Toward the end of a tirelessly long, quiet Thursday afternoon, Kames dropped a mega bombshell by announcing that Milburn and Roberts would be departing, sending the industry, understandably, into a bit of a frenzy.
The plot thickened Friday morning when the relatively pint-sized Liontrust told shareholders that the famed fixed income duo was set to join the firm in 2018 and would be launching a trio of bond funds.
Commentators overwhelmingly deemed it a major win for Liontrust, with the likes of Tilney Group’s Jason Hollands calling the hire a “real coup” for the group and James Calder, research director at City Asset Management, declaring it “the best deal that Liontrust has done in its career”.
“Liontrust has been a fantastic business for the last five years or so,” says Darius McDermott, managing director of Chelsea Financial Services.
“They’re just totally on the up and up and David and Phil are further evidence of that.”
While the impact on Liontrust’s business was uniformly positive, it was harder to assess the size of the hole left in Kames' fixed income unit, minus co-heads Milburn and Roberts.
The question is, will Kames survive the departure of two of its biggest bond managers?
Hargreaves Lansdown research director Mark Dampier thinks so, pointing out Liontrust’s own successful resurrection after the exit of heavyweights Jeremey Lang and William Pattison in 2010.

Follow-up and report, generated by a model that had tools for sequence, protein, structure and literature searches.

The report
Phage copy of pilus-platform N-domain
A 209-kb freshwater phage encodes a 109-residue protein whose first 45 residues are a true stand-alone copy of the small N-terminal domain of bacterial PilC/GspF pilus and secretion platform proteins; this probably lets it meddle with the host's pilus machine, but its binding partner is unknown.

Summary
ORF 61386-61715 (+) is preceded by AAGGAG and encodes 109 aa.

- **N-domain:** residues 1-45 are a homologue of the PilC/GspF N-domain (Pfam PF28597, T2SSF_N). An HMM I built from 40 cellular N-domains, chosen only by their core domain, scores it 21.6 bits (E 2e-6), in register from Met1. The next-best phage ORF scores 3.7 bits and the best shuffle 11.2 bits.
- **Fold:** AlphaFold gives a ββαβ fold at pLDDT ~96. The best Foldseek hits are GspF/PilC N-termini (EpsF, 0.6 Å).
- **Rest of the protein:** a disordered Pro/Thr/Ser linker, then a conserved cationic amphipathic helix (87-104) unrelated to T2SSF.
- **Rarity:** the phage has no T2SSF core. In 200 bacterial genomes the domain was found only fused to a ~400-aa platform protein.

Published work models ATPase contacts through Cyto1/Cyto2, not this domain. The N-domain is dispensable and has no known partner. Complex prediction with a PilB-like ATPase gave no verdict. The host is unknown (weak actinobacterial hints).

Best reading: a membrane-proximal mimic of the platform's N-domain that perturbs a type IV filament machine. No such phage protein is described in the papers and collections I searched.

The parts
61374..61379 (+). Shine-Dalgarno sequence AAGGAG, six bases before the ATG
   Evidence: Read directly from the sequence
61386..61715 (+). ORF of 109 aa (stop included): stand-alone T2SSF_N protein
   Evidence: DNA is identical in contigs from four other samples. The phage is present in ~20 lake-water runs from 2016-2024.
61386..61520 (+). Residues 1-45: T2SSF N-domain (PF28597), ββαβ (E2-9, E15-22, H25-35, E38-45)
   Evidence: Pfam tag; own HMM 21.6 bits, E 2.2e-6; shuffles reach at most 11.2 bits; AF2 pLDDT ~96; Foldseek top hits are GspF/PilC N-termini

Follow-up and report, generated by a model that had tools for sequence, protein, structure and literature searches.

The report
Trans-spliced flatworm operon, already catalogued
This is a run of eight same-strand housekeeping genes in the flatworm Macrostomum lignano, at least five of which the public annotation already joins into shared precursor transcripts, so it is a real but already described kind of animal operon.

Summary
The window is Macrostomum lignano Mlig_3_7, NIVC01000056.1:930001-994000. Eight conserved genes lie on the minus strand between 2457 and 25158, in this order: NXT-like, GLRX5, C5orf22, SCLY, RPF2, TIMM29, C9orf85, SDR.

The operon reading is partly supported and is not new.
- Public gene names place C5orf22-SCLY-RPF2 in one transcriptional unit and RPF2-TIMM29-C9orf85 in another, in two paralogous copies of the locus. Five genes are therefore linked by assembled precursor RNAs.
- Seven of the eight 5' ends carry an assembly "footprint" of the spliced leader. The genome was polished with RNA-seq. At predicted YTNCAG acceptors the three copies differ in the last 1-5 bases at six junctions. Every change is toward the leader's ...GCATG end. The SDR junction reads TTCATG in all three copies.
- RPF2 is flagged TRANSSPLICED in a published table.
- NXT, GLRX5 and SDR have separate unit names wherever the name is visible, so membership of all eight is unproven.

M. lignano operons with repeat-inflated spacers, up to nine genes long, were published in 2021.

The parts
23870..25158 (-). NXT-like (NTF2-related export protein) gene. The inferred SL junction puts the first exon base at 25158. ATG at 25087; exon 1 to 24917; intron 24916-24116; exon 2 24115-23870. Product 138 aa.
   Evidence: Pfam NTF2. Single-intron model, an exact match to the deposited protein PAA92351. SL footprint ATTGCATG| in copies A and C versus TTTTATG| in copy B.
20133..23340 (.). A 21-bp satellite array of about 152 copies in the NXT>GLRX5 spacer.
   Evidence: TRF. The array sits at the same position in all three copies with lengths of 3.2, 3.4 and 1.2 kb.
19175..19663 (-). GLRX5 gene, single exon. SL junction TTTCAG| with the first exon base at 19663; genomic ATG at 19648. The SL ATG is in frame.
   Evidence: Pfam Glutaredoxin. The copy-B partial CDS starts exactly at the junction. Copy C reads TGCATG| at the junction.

News of Lang’s departure, who many saw as synonymous with the Liontrust brand and the reason for the business's early successes, caused the fund group’s share price to plunge to its lowest level since entering the FTSE All-Share.
Within one week of the announcement, Liontrust’s share price had fallen 34% to 80p per share.
Not long ago, they were still being singled out as likely takeover target by some industry commentators.
But now, with shares valued at £4.80p per share, total assets under management around £9.25bn and the acquisition of Alliance Trust Investments under its belt, you can appreciate “just how far Liontrust has come,” says Dampier and recognise “they have become a serious player”.
“They have really almost come back from the dead,” continues Dampier.
“I won’t say they almost went bust, but you haven’t got to go a terribly long way back to see how much they were struggling when Jeremy Lang left, although they still had Anthony Cross there, who is a top man.”